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Future Activities

Soil Health Bus Tour

NDSU Soil Health Bus Tour on July 25-26

Online registration is available and the general schedule is posted for the upcoming NDSU Soil Health Bus Tour.  It costs $20 for a two-day tour where you will see first hand how soil health building practices are being used on-farm.  We are capping the registration at 100, so reserve your spot now!
Also, please reserve and pay for your hotel room on your own – we have contact information for two hotels where we have room blocks reserved in Valley City, ND for your convenience.
Registration and more information can be found at https://www.ndsu.edu/soilhealth/?page_id=3633


Click here to register!




Past Activities

On farm replicated trails

On-farm trials were conducted with the new interseeder in Rutland and Gardner, ND in 2017. All nutrient cycling studies in both corn and soybean were done in the on-farm replicated trials (results in Objective 1d).

In Morris, MN 5 acres were planted with winter camelina in the fall of 2016. In May 2017, soybean was relayed planted into standing camelina and camelina seed was harvested at the end of June. Strips of cover crops (winter camelina, winter rye, and no cover crop) were planted during the R7 and R5 stage in soybean and corn respectively at the Chad Roloffson’s farm in Barrett, MN on September 17, 2017. The cover crops were planted using a modified High-Boy Avenger air seeder. One set of cover crop strips was planted with the seeds being placed at the soil surface, while the other set of strips was planted with the seeds being blown into the air above the crop to simulate airplane seeding. Additionally, a no-till drill was used to plant the cover crops via direct seeding into spring wheat residue. Cover crop establishment was visually assessed in October. The cover crops established well in standing corn, however cover crop establishment failed in soybean due to herbicide residual activity.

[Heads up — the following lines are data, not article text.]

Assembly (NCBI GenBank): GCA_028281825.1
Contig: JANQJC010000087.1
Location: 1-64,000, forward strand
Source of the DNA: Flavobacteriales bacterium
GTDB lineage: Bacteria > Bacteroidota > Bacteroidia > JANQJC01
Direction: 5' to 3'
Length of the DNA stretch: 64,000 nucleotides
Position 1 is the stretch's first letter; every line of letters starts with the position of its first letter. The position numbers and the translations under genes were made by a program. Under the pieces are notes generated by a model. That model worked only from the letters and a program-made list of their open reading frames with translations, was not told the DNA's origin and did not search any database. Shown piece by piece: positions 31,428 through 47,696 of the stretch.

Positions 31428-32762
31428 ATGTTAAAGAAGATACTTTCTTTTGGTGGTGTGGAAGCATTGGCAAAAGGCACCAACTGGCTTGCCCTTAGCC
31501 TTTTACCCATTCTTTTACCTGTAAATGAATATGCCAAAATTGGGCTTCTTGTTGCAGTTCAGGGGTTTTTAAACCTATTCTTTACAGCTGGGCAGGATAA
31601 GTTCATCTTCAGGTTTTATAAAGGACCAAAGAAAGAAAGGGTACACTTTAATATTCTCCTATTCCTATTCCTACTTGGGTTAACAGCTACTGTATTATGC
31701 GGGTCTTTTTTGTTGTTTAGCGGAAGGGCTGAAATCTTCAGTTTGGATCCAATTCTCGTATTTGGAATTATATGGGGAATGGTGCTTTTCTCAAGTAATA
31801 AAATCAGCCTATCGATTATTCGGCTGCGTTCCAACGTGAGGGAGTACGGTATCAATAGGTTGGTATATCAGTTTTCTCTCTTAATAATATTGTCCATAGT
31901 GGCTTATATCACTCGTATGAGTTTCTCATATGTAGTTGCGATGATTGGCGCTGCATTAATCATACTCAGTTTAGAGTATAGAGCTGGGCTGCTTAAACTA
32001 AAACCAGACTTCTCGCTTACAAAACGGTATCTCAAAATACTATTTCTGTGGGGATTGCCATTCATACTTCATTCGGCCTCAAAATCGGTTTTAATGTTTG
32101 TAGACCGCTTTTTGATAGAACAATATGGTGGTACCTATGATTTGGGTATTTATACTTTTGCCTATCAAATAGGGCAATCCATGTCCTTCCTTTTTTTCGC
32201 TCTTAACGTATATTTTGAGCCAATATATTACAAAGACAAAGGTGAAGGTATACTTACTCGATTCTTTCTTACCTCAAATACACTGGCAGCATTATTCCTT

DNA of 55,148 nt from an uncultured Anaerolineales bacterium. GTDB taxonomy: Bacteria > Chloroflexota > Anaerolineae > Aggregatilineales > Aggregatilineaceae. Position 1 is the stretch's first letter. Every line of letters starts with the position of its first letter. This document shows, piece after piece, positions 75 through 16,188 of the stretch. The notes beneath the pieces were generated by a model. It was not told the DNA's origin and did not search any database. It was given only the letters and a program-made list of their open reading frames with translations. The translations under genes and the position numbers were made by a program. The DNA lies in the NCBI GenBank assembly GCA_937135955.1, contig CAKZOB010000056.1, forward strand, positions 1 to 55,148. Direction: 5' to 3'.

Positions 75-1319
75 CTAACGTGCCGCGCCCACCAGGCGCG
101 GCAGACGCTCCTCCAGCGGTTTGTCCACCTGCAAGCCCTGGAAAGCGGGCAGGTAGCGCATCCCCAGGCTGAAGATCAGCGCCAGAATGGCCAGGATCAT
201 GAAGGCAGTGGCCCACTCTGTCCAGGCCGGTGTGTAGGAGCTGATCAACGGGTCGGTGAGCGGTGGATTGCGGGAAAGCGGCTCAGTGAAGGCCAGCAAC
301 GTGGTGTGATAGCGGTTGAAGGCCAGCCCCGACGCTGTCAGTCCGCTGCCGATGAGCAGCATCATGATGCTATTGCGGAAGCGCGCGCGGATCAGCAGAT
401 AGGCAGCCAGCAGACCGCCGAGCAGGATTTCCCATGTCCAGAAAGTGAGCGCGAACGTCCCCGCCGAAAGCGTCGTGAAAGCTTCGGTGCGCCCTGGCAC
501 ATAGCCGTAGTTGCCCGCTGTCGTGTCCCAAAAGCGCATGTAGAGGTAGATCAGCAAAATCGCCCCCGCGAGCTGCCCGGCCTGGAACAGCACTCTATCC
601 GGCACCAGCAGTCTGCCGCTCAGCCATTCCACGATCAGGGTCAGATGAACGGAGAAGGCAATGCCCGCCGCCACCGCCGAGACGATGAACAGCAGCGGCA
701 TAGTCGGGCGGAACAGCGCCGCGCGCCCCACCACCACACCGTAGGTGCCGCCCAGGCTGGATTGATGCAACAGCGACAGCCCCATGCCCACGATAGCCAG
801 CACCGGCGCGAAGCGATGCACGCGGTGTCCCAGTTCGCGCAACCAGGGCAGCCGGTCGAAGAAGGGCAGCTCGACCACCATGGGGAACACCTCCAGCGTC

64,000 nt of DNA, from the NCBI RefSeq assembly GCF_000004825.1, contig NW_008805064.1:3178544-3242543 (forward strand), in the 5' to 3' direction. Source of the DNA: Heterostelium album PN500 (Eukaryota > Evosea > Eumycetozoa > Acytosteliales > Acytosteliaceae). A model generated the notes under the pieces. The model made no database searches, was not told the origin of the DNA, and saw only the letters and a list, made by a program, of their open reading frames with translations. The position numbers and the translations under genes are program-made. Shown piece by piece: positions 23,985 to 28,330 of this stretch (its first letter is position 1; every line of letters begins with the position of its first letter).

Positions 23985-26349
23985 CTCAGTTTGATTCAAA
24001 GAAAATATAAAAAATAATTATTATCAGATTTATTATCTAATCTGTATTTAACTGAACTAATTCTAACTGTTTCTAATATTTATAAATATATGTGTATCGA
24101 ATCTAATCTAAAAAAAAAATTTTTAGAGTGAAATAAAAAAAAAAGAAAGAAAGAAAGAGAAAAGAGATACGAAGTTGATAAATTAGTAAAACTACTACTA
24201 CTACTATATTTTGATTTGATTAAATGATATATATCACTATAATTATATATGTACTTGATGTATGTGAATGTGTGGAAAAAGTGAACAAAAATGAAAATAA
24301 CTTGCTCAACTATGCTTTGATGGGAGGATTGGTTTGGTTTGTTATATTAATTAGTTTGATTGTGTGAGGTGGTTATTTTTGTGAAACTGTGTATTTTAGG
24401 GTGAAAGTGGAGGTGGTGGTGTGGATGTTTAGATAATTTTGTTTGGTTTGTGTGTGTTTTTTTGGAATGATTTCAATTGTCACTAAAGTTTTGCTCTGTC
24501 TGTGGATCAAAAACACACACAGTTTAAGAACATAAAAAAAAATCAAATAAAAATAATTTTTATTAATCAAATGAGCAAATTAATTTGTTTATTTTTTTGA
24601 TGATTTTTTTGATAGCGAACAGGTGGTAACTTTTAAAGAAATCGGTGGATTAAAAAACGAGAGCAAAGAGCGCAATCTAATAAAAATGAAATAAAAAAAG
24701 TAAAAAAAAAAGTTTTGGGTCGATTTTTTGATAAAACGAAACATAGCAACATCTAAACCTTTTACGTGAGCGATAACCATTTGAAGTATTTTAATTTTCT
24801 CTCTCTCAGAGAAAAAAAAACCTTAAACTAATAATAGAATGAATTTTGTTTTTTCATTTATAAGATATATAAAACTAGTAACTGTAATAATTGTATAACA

The results of alfalfa-corn intercropping in 2016 and 2017 showed a reduction in maize grain yield, thus on-farm establishment of this system needs to be studied further. On-farm replicated trials of alfalfa-corn intercropping will be considered for 2018 season.

Extension activities:

On February 1, Dr. Wick and cooperating farmers conducted a farmer mentoring workshop for 20 North Dakota State College of Science students.  These students are generally young farmers from the region who are enrolled in a two year agricultural program and have a specific interest in using cover crops on their farms.  The Soil and Soil Water Workshop, 2018 at the Fargodome included a presentation to 225 crop consultants, farmers, and ag-industry representatives, the Corn and Soybean Expo in Fargo February 13 included a cover crop presentation and update by Dr. Wick to over 500 farmers with considerable interaction. Dr. Wick and her colleague Jodi Dejong-Hughes from University of Minnesota also addressed 150 crop consultants at the Advanced Crop Advisors Workshop, February 14, 2018.  On February 15, Dr. Wick presented to 75 MinnDak Sugar Beet Coop growers about including cover crops in the corn, soybean and wheat phases of their rotation.  The outreached as extended beyond the borders of North Dakota, with Chris Augustine, Soil Health Area Specialist from Minot, using Dr. Wick’s information in a presentation to 200 farmers at a Soil Health day in Mitchell, SD February 15, 2018.

The economic framework that incorporates environmental impacts was delivered as part of the Farm Business Management in-service in November, 2017, as part of three face-to-face local trainings in January and February 2018, and developed into an input management packaged program for county agents to deliver in February 2018.

 

 

Evaluation of extension impacts

Kandel, Wick

 

The evaluation of the first two years of the project in conjunction with a NC-SARE Professional Development Program (2015-2017) included the surveys of attendees to 22 field days and winter workshops with more than 500 participants.